Frame connections describe the positioning relationship between member systems. This positioning relationship defines the member orientation and offset of the supported member in relation to the supporting member. Two frame connections are placed when you place the member system, one at each end. Because frame connections define relationships between member systems, the frame connection might prevent you from moving a member. The types of frame connections are:
An align frame connection places the end of the supported member system at the intersection of three surfaces that you define. You can define offsets from all three surfaces. This frame connection is useful, for example, when you want a column to move with a wall or bulkhead on a lower floor or deck.
An axis along frame connection aligns the cardinal point on the supported member system with the cardinal point on the supporting member system. Use this frame connection when the member systems are different types (a beam framing into a column for example). Using this frame connection, the beam will slide along the length of the column, but will not cause the column to lengthen or shorten. You can specify an optional offset in all three directions.
An axis end frame connection aligns the cardinal point on the supported member system with the cardinal point on the supporting member system. Use this frame connection when both member systems are of the same type (both members are columns, or both members are beams). If you move one member system end, this frame connection automatically moves the other member system end to maintain the connection. You can specify an optional offset in all three directions. Use this frame connection for column splices.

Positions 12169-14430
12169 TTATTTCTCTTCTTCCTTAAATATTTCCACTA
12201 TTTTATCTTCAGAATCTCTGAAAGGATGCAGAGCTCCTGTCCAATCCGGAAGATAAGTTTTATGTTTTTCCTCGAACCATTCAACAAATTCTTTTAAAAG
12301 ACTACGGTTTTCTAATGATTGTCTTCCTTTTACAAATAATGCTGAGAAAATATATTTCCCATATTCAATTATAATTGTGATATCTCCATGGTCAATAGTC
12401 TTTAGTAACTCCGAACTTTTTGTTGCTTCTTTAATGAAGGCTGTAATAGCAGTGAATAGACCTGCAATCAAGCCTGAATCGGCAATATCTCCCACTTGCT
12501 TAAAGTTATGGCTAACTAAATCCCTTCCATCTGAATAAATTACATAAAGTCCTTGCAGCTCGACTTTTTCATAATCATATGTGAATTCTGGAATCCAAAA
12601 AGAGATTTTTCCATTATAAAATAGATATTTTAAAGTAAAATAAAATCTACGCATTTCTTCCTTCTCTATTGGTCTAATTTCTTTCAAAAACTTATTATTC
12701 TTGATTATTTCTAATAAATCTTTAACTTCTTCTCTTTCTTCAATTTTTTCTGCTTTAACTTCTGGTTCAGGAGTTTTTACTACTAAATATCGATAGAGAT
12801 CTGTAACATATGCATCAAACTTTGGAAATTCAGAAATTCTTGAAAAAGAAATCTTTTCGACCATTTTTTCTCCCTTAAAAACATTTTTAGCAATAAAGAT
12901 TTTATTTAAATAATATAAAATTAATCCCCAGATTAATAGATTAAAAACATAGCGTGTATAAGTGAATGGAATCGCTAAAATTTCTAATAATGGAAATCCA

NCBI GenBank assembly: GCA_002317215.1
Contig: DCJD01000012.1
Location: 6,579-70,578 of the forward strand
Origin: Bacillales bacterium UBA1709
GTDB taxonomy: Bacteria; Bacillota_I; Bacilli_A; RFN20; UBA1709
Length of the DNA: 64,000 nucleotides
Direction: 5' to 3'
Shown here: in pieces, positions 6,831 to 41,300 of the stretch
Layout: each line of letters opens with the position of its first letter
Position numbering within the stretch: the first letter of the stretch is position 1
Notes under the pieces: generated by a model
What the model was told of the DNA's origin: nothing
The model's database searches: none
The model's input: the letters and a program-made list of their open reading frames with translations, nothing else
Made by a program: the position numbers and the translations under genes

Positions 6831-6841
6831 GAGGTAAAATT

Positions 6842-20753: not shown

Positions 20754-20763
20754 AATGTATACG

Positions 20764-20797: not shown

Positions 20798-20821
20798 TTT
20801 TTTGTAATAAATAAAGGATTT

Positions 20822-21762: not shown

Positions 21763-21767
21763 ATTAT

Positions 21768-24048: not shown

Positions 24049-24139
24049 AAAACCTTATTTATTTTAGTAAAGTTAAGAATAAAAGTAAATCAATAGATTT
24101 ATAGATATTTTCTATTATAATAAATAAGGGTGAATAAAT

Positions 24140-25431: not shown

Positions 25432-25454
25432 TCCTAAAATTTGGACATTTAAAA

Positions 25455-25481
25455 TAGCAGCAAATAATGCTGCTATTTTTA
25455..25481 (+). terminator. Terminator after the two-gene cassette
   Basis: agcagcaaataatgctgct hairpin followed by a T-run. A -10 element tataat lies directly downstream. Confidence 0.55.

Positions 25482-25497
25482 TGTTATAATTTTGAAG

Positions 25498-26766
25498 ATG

The Axis End frame connection makes the members mutually editable. For example, if you move one member, the other member will extend or shorten to maintain the connection. Because of this, if you change the permission group of one member, the software automatically changes the permission group of the other member to match.
A centerline frame connection uses the supporting member's centerline to position the supported member.
A flush frame connection uses the supporting member's top and bottom extent to position the supported member. The supported member typically lies within the body of the supporting member.
A seated frame connection uses the supporting member's top or bottom extent to position the supported member. The supported member typically rests against the supporting member, but can be offset.
A gap connection defines offsets between members to provide clearance for welding or simply as a work point adjustment. Smart 3D can calculate the offset either axially along or radially around the support member. You must use the More... option and select the gap frame connection that you want to use. The software will not pick a gap frame connection when using the By Rule connection option.
There are three members in a gap frame connection:
The target member is the member always to move and is the owner of the frame connection. The target member is shown as blue in the figure below.
The primary member is the member to which the other two members are attached. The primary member is shown as red in the figure below.
The secondary member is the third member in the joint. The software does not require the secondary member to be in the same plane as the target member. The secondary member is shown as orange in the figure below.
There are four gap frame connections available:
Radial Gap Single
Moves the target member radial around the primary member. The gap is measured between the target and the secondary member.
Radial Gap Both
Moves two target members radial around the primary member. The gap is measured between the two target members. Both target members' frame connection on that member end must be Radial Gap Both.
Axial Gap Single
Moves the target member axial along the primary member. The gap is measured between the target member and the secondary member.
Axial Gap Both